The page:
Business writing

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Writing, for want of a better metaphor, is like a journey in which you, the writer, do the traveling, and your reader views the slide show once you are home.   Almost always, writing occurs after the journey or event--the event being research, a project, a meeting, an internship, thinking and planning--you name it.  In most academic writing, the writer attempts to reconstruct the journey and take the reader along. 

Generally, business writing differs from academic writing in a significant way.  If you are writing an essay, you usually lay out your foundation then proceed to expound on your thesis--allowing the essay to grow and develop as you take your reader, step-by-step, through your thinking process, your journey.  Business writing is usually not like this.  It is not a travelogue of your journey, allowing the reader to travel with you; rather, it is a detailed account of the end of the journey and a description of the milestones. 

For example, if you are writing a report about a business decision, you do not describe all the intricacies of the peaks and valleys of your journey to reach that decision.  You do, however, give your reader a report on your decision, an overall view of the trip, and a listing of the alternatives with an explanation as to why they were discarded.  Your reader is not given the whole slide show recreating your trip but only sees the highlights and the final destination.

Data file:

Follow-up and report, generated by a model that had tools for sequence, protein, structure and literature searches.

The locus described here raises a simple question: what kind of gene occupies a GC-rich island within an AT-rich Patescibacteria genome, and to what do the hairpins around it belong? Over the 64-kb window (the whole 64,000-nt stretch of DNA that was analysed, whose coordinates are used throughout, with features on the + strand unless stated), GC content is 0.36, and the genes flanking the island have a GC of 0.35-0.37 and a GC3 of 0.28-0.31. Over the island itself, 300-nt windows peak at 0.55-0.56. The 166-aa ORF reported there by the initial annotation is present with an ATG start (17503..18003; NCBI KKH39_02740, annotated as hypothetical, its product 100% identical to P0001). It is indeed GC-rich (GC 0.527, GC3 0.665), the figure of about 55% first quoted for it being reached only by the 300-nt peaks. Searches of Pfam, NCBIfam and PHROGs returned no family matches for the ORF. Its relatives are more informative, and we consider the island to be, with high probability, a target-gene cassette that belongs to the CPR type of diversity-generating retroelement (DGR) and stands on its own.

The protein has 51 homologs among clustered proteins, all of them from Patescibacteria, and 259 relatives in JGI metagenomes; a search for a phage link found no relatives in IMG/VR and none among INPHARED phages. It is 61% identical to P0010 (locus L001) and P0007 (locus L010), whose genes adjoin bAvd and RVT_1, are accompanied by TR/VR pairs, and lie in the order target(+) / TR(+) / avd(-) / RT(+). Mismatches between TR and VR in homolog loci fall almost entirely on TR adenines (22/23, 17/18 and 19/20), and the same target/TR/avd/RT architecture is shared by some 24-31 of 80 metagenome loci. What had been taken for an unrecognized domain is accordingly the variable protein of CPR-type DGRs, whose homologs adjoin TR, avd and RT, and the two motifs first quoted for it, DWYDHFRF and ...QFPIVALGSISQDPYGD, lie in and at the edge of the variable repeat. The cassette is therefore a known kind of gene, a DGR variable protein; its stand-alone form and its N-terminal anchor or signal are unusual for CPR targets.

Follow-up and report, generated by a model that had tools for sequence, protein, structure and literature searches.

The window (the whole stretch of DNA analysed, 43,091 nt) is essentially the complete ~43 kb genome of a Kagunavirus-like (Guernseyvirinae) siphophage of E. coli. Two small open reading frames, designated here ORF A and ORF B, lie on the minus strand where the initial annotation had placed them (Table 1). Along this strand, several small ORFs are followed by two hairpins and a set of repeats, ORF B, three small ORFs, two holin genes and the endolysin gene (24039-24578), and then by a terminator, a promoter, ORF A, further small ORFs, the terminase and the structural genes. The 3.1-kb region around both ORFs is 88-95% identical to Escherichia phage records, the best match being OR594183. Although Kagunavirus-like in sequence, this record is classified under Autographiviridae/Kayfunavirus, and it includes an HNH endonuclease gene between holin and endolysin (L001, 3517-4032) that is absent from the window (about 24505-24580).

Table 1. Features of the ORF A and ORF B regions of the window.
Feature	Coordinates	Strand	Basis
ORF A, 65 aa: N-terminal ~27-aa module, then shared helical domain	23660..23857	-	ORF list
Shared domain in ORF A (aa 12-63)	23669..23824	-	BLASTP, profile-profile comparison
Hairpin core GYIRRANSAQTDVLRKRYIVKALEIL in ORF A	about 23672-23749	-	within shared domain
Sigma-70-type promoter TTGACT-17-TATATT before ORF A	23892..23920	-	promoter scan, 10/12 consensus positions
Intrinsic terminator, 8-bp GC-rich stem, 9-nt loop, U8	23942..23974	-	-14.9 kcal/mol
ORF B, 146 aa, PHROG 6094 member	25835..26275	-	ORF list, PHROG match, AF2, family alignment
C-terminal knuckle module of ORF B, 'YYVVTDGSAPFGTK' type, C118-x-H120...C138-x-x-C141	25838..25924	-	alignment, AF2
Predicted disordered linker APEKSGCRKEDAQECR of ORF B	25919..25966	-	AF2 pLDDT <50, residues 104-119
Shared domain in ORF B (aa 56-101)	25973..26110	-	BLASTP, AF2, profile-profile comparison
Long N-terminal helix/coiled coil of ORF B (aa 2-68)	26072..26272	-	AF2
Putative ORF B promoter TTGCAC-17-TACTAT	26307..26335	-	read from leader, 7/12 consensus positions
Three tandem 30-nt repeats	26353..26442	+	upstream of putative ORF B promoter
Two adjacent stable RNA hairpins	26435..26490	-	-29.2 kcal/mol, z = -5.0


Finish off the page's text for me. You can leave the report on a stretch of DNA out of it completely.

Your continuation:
Business writing, then, is briefer and more concise than many other types of writing.  Business is busy--your letter, memo, or report may only have a thirty second reading (if that) with no time for mulling or pondering.  You had better get to the point quickly, support your reasoning, and finish fast. 

Business writing is often like an inverted pyramid, also.  You begin broadly and finish with a narrow focus--a focus directing your reader's attention to where you want it--convincing or persuading your reader of your facts, reasoning, decision, etc. 

There are some niceties involved with business writing, however.  When delivering bad news, for example, you don't leap right in but work up to your message using diplomacy and tact.  Furthermore, you don't waste the reader's time by being obscure nor do you patronize.

Finally, business writing has some accepted formats, such as how to organize memos, reports, and letters.  In addition, business writing has some generally accepted practices:  writing concisely, using bullets and headings, employing short sentences, creating brief paragraphs, and getting to the point quickly. 

Examples of business writing are: Memos, letters, creating visuals, proposals, reports, the executive summary, instructions, resumes and cover letters, common English errors and presentations.


Memos and letters are the two most common types of business communication.  Memos resemble letters in that they communicate information and are commonly used in the world of business writing.  However, memos differ from letters in several important ways:


  • Memos are almost always used within an organization

  • Memos are usually unceremonious in style

  • Memos are normally used for non-sensitive communication (communication to which the reader will not have an emotional reaction)

  • Memos are short and to-the-point

  • Memos have a direct style

  • Memos do not have a salutation

  • Memos do not have a complimentary closing

  • Memos have a specific format that is very different from a business letter